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Why We’ll Miss Michael

Last Sunday morning on Meet the Press, host David Gregory asked Presidential advisor David Axelrod whether or not Obama planned to make any public statement about Michael Jackson's death. Axelrod explained that the President had reached out to the Jackson family privately. What current pop star's death will merit discussion about an Oval Office response? Probably not Lady Gaga's.

There is much that will be missed about Michael Jackson, but the Axelrod/Gregory exchange made me think about something specific underlying our collective grief: MJ was the last pop star we will all share. He was the last one to garner so much genre-, race, and class-transcending popularity that it feels appropriate for his death to register as a tragedy of Presidential importance. We have lost a common bond.

Changes in the music industry will ensure that bond stays broken. Due to increased genre fragmentation, the proliferation of illegal downloading, and the ongoing extinction of brick-and-mortar record stores, music simply doesn't sell like it did during Jackson's '80s heyday. For instance, last year's biggest selling album was Lil Wayne's Tha Carter III, which moved 2.88 million copies in the U.S. Josh Groban's Noel was 2007's top seller. It sold 3.7 million. By comparison, 1982's Thriller sold 28 million copies. Five years later Bad sold eight million. 1991's Dangerous, at seven million, was considered a mild sales disappointment.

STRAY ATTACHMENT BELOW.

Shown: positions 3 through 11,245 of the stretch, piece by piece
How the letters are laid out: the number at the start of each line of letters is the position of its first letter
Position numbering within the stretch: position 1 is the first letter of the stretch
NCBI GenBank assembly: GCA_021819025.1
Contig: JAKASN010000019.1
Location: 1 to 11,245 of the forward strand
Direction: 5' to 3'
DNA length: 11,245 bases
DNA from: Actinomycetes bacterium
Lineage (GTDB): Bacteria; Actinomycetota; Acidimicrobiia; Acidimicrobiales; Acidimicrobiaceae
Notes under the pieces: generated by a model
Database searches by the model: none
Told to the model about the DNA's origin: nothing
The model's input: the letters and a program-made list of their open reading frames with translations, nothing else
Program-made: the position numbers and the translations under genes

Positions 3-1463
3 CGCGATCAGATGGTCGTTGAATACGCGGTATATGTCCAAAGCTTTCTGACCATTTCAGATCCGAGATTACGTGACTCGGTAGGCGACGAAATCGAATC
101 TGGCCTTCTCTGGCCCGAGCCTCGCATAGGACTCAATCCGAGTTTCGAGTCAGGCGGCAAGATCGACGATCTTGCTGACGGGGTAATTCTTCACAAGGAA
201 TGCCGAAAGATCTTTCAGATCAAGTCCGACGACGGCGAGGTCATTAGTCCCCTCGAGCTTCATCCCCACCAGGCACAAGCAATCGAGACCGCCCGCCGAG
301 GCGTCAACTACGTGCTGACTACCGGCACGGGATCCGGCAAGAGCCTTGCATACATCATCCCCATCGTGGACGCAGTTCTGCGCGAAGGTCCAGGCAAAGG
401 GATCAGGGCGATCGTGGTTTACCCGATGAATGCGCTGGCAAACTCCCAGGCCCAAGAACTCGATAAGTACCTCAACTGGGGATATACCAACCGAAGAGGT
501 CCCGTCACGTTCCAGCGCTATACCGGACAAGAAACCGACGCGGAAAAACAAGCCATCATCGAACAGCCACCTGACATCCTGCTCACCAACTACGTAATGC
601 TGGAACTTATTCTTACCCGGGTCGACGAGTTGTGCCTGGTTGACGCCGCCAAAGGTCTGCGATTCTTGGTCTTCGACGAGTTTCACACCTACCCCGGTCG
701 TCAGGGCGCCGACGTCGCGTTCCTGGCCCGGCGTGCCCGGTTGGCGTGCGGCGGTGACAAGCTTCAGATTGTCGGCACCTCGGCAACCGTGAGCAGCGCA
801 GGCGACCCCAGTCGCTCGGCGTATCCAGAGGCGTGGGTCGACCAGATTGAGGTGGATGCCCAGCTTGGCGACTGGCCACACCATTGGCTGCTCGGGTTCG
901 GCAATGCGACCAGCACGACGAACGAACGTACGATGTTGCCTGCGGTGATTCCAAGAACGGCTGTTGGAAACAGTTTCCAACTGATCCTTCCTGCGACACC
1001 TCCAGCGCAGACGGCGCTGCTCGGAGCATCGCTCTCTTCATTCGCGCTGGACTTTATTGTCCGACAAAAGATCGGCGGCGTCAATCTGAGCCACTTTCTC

But it wasn't business that made Jackson a cross-cultural icon--it was, of course, his music. At their best (think of "Billie Jean" or "Bad"), the songs were as catchy as the flu and funkier than a Bonnaroo port-a-potty. Their playful melodies made them approachable enough for the parents while their innovative production and stealthily paranoid sentiments made them radical enough for the kids. If you didn't like Michael Jackson, the problem wasn't with him.

Now, though, with the music world splintered into different radio formats, and blogs and websites making it easier for people to burrow into the hermetic hole of stuff they already enjoy, it's hard to imagine anyone again approaching Jacksonian levels of appeal. The conditions just aren't there.

I think that's unfortunate. Having a pop star we can all watch and talk about and listen to makes music feel more vital. Michael Jackson was living proof that music meant something--to me, to you, to everyone. That proof is gone now. And now we are all living a little further apart from one another.

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